Shotstack is a cloud based video editing API. Unlike traditional desktop video editing applications like Adobe Premiere or After Effects, Shotstack is purely code based - you create an edit using code. The API uses a REST architectural style using JSON to describe how the video should be edited. A number of SDK's in different languages are available to interface with the API and create the JSON requests.
Although code based, the API follows many of the principles of desktop editing software such as a timeline, tracks and clips. If you have used with Adobe Premiere, After Effects or even Flash some of these concepts should be familiar, all be it without a graphical user interface.
These core concepts and principles are described below:
An edit encompasses everything about the video that you want to create and is made of two components - the timeline which describes the assets (videos, images and titles) that you want use and how they are arranged (edited) and the output format (gif or mp4) and resolution (HD, SD, mobile, etc..).
The Edit is the JSON payload that you POST to the render endpoint to create your video.
The timeline represents the time that the video will play for, using seconds and starting from 0. A timeline is made up of tracks which are like layers that contain clips.
Tracks are like layers within the timeline which span the entire length of the timeline, a track contains one or more clips. Tracks can be visualised as layers that can be placed one on top of another. Clips on the top most track will obscure those on tracks below it. This can be useful for when you want to layer a title over a video clip or you want to fade between clips.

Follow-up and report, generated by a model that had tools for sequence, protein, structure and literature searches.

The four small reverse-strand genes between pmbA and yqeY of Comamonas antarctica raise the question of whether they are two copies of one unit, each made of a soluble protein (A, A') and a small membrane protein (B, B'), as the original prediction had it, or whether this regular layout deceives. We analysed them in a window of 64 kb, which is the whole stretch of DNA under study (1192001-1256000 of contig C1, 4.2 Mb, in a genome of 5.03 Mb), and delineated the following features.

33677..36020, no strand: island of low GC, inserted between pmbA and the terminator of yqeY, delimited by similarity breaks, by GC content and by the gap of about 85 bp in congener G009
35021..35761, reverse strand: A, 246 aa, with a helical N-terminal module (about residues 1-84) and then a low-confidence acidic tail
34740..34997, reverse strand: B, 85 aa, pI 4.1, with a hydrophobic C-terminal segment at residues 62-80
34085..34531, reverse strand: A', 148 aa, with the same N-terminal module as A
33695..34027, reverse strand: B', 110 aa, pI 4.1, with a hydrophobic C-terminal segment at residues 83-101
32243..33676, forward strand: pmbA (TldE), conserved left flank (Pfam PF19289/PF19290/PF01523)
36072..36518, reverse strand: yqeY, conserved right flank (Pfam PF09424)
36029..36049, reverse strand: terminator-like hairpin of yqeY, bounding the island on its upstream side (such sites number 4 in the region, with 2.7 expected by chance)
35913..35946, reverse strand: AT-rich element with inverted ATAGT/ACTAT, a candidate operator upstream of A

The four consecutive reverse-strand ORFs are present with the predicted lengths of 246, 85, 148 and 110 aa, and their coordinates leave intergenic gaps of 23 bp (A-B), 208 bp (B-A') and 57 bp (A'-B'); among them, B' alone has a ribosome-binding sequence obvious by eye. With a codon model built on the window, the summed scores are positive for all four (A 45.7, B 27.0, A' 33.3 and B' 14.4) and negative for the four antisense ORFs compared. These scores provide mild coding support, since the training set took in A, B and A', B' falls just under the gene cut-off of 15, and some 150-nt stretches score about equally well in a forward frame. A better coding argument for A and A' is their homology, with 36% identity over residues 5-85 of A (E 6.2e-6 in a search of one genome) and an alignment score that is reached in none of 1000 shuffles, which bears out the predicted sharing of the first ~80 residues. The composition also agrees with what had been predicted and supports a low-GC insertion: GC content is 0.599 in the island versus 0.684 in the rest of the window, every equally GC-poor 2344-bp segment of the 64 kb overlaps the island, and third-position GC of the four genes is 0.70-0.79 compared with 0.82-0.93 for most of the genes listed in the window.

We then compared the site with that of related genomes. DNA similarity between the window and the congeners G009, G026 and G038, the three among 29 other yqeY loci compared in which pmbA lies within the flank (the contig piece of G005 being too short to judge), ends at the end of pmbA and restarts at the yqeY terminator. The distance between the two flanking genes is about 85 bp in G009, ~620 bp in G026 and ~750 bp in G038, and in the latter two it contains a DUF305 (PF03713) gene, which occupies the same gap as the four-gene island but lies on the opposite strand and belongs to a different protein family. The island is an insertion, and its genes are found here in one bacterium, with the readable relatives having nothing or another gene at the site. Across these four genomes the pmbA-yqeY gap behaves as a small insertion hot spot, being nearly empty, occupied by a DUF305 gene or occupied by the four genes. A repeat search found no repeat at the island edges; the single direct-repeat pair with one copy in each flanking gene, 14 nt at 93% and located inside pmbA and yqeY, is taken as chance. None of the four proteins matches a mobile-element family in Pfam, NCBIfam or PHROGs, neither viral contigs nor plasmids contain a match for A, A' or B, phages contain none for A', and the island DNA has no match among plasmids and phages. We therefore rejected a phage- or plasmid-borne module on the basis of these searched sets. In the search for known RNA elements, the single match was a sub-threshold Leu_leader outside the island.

Tracks also help to logically organise different types of content, for example a title track which plays over the top of a video and a watermark track that plays over the top of everything.
Tracks are an array within the timeline, the first element is the top track and the last element is the bottom most track:
Clips are where you select the asset (video, image or title) you want to display within a track on the timeline, when it starts, how long it plays for and what effects, transitions and filters you want to apply.
Clips are placed on a track at a specific start time, for example a clip with a start time of 3 will appear in the video after three seconds have played. Clips also have a length which determines how long the clip will play for in seconds.
Each asset type has a specific set of options and features but you must specify the type of asset and also the content of the asset such a URL src to a video or image file or for titles a text string.
Warning Do not place clips on a track so that their start or end times overlap, this will result in the clips flashing between each other as the API does not know which clip to display first.
A clip can also have transitions, effects and filters applied to them. A clip may look something like this when all options are applied:
From these basic building blocks you should be able to assemble a sophisticated, reusable template to create videos. Assets can be replaced or clips added using loops, conditions and other coding constructs allowing you to build a range of video based applications.